“Don’t you remember what you told me? You knew Grandma all her life. You told me she was beautiful and pure. Yet her sholve was terrible and destructive. If you had listened to the doctors and put the shield up before as a precaution…”
“Obviously your grandmother wasn’t as pure as I thought she was!”
“You know what, Dad? Forget it. Get out of my office,” Catherine said, pointing towards the door. “I should have known from the second you started talking about it that I couldn’t have a civilized talk with you about my work.”
Catherine’s father stood up and walked toward the door. Before leaving, he turned back. “I’m warning you, Cathy. This is not something for humans to dabble in. It is His will and His will alone.” He turned back around and exited the office.
Catherine sighed as she slouched down into her chair. She loved her father, but his dogma conflicted with her work. He’d bring it up every time one of them visited the other and it was always a mood killer.
She looked up at the happier photos from her youth. How she yearned for those simpler days when she didn’t need to worry about religion getting in the way of her relationship with her father. But there was work to be done. These studies would benefit mankind, only after that would she try to repair what was left with their relationship.
She sighed as she got up from her desk and left her office, making her way down the hall to the labs.

Several monitors were strewn about the table. Monitor #1’s display showed the father exiting the building, while over on Monitor #7 Catherine made her way to the lab.
“Have the sniper keep an eye on the old man. We’ll need his life for bargaining later. Tell the team to wait for my mark to… ‘extract’ the good doctor.”
Idea I got one day whilst playing Call of Duty 4 with the "A Bad Year" cheat on, which makes everyone you kill burst into tires.

Will I go somewhere with this? Eh, maybe.
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Critique by HisnameisDaveyoufool Jun 7, 2009, 7:38:05 PM
Not bad, Mr. Intolerant. You've got a very good basic premise here for what could be an intriguing story.

Let's go through this...

1st section: That part when the old woman turns into explosives? First off, that would be a GREAT way to begin the story. I mean, you've got a good opening sentence already, but if it was "As old Mrs. whatsherface's body disappeared from the hospital bed, a pile of high explosives took her place." Y'know, in the tradition of Kafka's metamorphosis, where he starts off right the bat by saying "Gregor Samsa's a GIANT FREAKIN' BUG NAO!" (very, very rough translation)

Also, you might want to imply that the explosives are about to explode. If the fuse isn't lit or there isn't a timer, you can just get the bomb squad to come in and remove her.

One more thing -- I would love to see more description. Go into detail about the injuries and the getting away instead of "3 dead, 8 injured." If you're concerned about length, description, and letting us be in this world you've created, is always a good thing to include.

2nd section: This is what the hypothetical wikipedia article of your story should say, not the actual story itself. I've found a great way to get exposition such as this done is not through a research paper format, but some character talking to another character, introducing him/her to the concept. Like a family member explaining sholves to a child.

But one thing to watch out for (and if you already knew about this, that's cool too) is "maid-and-butler dialogue," a thing my Sci-Fi teacher taught me. That's when two characters are talking to each other about things they already know, like the maid and the butler in a cheesy soap opera.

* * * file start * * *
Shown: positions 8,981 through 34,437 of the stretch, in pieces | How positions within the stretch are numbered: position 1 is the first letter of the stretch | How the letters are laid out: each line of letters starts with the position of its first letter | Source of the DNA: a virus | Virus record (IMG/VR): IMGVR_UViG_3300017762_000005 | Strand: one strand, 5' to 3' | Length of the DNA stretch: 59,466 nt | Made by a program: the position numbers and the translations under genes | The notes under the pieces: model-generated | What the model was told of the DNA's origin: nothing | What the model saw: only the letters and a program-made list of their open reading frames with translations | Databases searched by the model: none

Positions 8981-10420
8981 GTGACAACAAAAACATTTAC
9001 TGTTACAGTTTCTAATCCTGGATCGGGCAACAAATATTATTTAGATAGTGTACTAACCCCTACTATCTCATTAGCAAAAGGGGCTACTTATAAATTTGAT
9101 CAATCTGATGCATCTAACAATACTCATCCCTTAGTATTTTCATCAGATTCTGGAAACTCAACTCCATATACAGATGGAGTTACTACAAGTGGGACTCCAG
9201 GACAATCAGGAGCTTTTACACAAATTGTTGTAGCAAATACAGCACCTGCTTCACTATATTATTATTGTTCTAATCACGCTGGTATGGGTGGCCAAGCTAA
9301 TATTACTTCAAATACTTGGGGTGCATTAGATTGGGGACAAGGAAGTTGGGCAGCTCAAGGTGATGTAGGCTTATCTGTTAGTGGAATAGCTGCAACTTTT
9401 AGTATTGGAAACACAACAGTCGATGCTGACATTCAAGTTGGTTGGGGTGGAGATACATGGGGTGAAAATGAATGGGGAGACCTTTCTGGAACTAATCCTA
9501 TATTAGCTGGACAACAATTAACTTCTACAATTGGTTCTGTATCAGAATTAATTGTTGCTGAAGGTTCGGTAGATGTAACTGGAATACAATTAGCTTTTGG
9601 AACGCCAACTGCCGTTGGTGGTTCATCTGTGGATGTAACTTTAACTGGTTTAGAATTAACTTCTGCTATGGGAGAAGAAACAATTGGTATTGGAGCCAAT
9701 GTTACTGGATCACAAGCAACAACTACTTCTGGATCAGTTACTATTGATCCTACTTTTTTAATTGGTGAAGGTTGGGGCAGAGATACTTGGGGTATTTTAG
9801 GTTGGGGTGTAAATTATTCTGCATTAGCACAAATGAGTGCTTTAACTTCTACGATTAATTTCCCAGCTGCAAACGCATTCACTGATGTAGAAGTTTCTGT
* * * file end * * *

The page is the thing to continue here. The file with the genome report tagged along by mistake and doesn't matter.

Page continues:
3rd section: Finally we see the main character. Being that this is such a short piece I'd like to see her earlier on. Also, there's no underlying tension in this scene between any of the characters. You NEED conflict in every scene, unless it's the very end of a story or something.

4th section: Here we get into a lot of dialogue. I'd say get rid of the first section where he's talking to the receptionist; it doesn't contribute much to the overall outcome.

To make the dialogue more realistic, I reccomend they should start off talking about something else very petty, dancing around the issue. Then it leads to a bigger confrontation. That way we can have a lower point to start the climb, and therefore the climb is higher. Because right now it's high, but not steep.

5th section: Spooky. Personally I'd like to see more description here too.

Overall: despite the points above, this is still a really strong idea. I say you've got a very good start here!
What do you think?
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4 out of 4 deviants thought this was fair.

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Flameviper Featured By Owner Jun 8, 2009
HisnameisDaveyoufool Featured By Owner Jun 7, 2009
Fav'd, to critique soon.
Tenshizuru Featured By Owner Jun 7, 2009
My stupidity about paragraphs aside...I like it. Very interesting concept, hope there's a second chapter for sure.
xXDiAbLoXx Featured By Owner Jun 7, 2009  Hobbyist Artist


Paruser Featured By Owner Jun 7, 2009
A most intriguing concept. I will admit that when I first saw the title, I thought you had misspelled "shovel". :P

Also, I want my sholve to be a younger me. Technical immortality, bitches!
Croxot Featured By Owner Jun 7, 2009   Digital Artist
Rasec-Wizzlbang Featured By Owner Jun 7, 2009  Hobbyist General Artist
I want to spontaneously turn into a volcano when I die...
NocturnalZombi Featured By Owner Jun 7, 2009
That would be kickass.

I'd kind of want to be a massive fireball, or supernova type shit. ;D
NocturnalZombi Featured By Owner Jun 7, 2009
I really do like the idea.
The conflict of religious vs. science is rather interesting especially because it's the father vs. daughter.

If you do move forward with it. I think I'd like to read on.

Also I lol'd really hard when the grandma turned into explosives. That's just awesome.